PERSONAL AND PUBLIC
WHEN I said that Donne in the sonnet under review was apparently more interested in the condition of his own soul than in the character of his wife, any suggestion of surprise that may have been insinuated had nothing to do with this interest in itself. In examining the condition of his soul Donne was fulfilling the age-long Christian injunction of knowing yourself, of turning the eye inward from the outer world to the fallen self. He was carrying out the injunctions of St. Augustine Soliloquies and St. Bernard Meditations and he was doing, after the fashion of his own religious tradition, what some of his contemporary Calvinists were doing in theirs. The surprise consists in Donne's using a sonnet to his dead wife for such a purpose. There is in fact something extreme about Donne: he was apt to exploit a single element at the expense of others; where Milton was less specialised, open to more of the general motions of thought belonging to his age.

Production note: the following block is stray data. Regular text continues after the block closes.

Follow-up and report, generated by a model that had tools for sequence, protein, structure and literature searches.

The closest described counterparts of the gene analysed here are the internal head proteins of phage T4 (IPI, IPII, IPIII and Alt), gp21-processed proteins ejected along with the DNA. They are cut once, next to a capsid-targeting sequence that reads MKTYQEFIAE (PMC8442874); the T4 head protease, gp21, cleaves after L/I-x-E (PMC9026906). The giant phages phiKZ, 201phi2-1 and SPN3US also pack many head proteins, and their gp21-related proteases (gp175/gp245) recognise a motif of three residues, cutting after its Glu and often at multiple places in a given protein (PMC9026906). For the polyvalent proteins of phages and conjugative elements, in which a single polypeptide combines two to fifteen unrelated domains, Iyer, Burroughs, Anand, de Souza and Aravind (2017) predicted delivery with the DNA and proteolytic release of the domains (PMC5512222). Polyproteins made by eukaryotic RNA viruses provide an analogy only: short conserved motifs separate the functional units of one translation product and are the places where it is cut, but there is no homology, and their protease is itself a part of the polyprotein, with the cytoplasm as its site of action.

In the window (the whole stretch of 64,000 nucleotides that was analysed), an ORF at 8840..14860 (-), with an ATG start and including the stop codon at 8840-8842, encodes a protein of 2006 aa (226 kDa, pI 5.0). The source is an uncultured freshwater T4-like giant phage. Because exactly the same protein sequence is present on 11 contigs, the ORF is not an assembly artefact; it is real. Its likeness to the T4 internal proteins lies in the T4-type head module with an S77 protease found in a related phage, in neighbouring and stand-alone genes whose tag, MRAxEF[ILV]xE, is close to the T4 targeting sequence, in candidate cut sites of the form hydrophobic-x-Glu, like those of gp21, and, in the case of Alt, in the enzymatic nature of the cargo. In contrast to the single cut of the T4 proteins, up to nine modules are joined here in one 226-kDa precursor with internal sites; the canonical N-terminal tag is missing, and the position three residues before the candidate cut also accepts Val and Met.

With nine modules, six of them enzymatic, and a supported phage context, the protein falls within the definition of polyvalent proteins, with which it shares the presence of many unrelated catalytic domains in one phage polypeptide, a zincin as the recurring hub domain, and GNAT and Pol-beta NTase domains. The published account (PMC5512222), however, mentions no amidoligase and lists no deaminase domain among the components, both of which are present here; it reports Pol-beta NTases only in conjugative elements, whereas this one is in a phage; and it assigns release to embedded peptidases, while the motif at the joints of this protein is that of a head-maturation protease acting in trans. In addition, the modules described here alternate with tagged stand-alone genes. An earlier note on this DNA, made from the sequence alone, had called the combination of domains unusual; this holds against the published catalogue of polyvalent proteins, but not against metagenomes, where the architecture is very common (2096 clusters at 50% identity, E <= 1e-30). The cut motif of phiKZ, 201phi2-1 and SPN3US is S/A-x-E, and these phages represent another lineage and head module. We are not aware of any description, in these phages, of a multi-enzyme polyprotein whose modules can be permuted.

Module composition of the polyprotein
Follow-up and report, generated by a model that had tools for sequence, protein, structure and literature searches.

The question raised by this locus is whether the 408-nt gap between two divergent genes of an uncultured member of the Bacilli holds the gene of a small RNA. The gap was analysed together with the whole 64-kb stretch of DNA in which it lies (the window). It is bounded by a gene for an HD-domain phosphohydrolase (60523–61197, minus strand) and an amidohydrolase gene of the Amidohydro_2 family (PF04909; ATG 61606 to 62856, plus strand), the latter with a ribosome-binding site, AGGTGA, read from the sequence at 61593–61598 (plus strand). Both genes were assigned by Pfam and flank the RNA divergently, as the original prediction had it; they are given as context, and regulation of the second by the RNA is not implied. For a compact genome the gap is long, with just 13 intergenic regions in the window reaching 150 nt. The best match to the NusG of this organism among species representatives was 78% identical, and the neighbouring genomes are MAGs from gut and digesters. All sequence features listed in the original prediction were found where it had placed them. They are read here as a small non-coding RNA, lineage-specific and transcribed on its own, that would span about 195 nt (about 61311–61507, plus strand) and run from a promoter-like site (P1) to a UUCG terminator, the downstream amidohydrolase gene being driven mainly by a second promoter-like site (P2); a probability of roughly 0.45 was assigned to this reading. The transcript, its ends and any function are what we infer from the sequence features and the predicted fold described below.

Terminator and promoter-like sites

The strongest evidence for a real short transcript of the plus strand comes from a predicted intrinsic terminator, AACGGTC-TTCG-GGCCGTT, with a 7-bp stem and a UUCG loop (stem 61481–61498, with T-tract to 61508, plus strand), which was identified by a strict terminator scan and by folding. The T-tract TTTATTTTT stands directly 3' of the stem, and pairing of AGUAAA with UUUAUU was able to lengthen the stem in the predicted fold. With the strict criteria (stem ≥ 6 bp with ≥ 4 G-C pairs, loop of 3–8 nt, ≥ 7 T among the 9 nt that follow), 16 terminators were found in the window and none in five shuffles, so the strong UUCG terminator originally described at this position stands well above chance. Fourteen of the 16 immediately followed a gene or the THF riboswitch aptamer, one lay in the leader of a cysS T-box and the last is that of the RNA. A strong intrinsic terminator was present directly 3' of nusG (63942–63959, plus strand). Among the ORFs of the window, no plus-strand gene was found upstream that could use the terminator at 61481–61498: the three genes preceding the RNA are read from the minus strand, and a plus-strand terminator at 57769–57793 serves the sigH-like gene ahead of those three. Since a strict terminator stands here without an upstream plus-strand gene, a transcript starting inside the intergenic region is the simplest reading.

I may have sounded unfair in noting a lack of social sense in Donne's sonnet; the sonnet not being a form in which you would expect to find it. But even if I did I was pointing to something generally lacking in him. In his poetry he shows little trace of that sense of public or social obligation which, largely inherited from Greece and Rome in the sixteenth century, was destined